Friday, July 19, 2013

The World Is A Complex Place!

Former conservative "intellectual" poster boy rides scooter to seaside punch up with Rockers!
This is a bit of a dry post for a Friday but consider it a little intellectual stimulation (said in affected WF Buckley drawl with head cocked back whilst looking down nose) before you go out and tie one on, or whatever you do to have fun i.e. kill brain cells. I don't consider myself a fan or follower of Noam Chomsky but I've always enjoyed his Firing Line appearance for the manner in which he draws William F. Buckley up short and exposes his rhetorical smoke and mirrors by patient and composed explanation of his own viewpoints and continually resisting his host's generalizations and false equivalencies by returning to a nuanced examination of the issues discussed. This culminates near the end of the clip below when Chomsky in the closest he comes to frustration with Buckley's disingenuous line of questioning admonishes Buckley "Look the world is a complex place!" 

This to me gets to the root flaw of all conservative political ideology whether its the paranoiac, enraged moronic variety of our current era or the more calm and by comparison intellectual approach of guys like Buckley, in order to believe and advance their arguments they have to remain essentiality in continual denial of the complexity of the world and by extension all issues they examine, for to acknowledge this complexity and allow nuance to enter the conversation would simply undermine all of their arguments. Sadly this denial of the world and its issues as complex is also the root appeal of conservative political ideology, that is it's easier than thinking through complex issues, and acknowledging gradients, to view everything as black and white, good and evil, heroes and villains, it's comforting, makes the world a much simpler place, but as the last 40 years has clearly illustrated succumbing to this appeal (Colbert's truthiness if you will) and letting these people formulate and control policy and policy debate ultimately does a hell of a lot of damage.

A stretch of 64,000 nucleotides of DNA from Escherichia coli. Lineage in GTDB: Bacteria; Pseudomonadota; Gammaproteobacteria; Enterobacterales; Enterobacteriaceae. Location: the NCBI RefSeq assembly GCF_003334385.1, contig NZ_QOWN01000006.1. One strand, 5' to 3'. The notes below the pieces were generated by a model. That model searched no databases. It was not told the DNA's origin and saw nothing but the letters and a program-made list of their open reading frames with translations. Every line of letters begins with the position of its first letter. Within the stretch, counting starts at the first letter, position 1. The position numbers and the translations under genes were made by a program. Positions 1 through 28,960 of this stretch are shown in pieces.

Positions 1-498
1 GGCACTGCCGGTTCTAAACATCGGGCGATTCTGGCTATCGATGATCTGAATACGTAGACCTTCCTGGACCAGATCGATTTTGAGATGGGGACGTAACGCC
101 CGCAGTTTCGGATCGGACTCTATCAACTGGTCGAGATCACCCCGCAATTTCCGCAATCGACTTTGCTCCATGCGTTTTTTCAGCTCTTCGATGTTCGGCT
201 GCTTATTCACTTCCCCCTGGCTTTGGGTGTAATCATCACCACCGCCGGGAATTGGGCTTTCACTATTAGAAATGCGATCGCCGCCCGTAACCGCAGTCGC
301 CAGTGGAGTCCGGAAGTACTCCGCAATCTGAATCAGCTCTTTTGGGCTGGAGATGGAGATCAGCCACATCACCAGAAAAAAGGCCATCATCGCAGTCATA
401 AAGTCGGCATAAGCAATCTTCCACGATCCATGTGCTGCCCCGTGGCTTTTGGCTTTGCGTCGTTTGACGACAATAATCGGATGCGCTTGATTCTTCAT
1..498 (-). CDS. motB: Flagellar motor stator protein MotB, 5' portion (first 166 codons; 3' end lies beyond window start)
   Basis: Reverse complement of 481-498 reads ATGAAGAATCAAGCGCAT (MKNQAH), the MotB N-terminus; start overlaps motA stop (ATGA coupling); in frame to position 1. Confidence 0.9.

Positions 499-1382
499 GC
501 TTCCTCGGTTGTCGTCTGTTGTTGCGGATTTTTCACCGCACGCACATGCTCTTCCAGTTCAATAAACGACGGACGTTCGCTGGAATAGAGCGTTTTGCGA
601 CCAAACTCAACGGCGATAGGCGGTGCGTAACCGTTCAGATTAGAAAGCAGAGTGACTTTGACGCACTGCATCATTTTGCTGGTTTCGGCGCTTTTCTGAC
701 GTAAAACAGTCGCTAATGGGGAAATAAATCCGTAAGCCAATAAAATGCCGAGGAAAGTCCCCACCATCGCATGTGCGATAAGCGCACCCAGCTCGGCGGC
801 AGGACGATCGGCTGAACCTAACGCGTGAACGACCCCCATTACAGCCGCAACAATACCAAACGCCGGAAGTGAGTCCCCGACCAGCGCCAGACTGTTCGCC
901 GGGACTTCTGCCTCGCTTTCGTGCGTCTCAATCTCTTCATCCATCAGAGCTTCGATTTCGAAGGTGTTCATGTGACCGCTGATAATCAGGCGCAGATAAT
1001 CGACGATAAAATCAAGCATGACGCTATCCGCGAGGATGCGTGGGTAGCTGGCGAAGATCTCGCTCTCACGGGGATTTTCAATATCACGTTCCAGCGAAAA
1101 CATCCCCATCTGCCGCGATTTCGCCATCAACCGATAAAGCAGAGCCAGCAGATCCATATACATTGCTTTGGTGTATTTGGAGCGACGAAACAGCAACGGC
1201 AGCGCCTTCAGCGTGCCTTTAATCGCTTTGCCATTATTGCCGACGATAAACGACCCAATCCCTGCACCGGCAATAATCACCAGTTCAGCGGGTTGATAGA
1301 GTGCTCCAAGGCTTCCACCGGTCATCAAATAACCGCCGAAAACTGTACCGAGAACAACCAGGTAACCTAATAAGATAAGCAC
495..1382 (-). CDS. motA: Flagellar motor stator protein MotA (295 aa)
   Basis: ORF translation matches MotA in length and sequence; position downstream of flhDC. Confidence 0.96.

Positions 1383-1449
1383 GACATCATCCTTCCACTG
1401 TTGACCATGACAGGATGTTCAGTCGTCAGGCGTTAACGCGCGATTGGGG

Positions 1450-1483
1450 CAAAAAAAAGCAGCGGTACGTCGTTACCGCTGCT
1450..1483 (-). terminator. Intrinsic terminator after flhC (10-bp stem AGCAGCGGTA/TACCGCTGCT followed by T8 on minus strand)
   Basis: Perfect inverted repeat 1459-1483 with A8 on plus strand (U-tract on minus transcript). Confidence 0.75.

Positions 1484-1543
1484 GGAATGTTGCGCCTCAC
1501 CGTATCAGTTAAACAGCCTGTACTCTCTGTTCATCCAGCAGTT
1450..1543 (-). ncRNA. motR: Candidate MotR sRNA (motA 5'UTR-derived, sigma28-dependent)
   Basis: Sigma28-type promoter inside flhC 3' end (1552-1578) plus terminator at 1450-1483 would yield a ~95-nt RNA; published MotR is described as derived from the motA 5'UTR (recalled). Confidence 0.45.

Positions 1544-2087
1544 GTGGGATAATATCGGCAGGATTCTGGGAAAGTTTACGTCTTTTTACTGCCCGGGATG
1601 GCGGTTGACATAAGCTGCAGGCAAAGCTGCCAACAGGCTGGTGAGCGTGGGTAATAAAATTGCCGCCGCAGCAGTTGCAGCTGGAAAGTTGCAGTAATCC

Buckley's hostility towards Chomsky in the clips below is thinly veiled, in fact in one early sequence he makes a "joke" in which he says he will smash Chomsky's goddamn face in. He is obviously threatened by the, most likely almost subconscious, realization of being in the presence of an intellectual superior.  All this aside and despite Buckley's pretension and pompous condescension one can't help but feeling slightly nostalgic as you watch for a time when there was at least a pretense of intellectual political debate in America. I've posted the full hour appearance after the  clip below for those interested.  

Lastly to lighten things up sort of and ease you out into your weekend, I've posted the amusing and in some instances sad appearance of a drunken, but still surprisingly lucid and funny (particularly if you know enough background on JK to follow his train of thought and ad-libs) Jack Kerouac on Firing Line (also Ed Sanders of the Fugs) who despite his inebriation and crankiness, to me still gets the best of Buckley particularly when he loses his patience with Buckley's long drawn out way of asking questions (you get the sense Buckley can't help but luxuriate in his own perception of himself as rhetorically elegant) and barks at him to "get your question over with"!  It's especially sweet and touching when Kerouac says, after puffing deeply on his cigar, that the beat movement was pure in his heart. 

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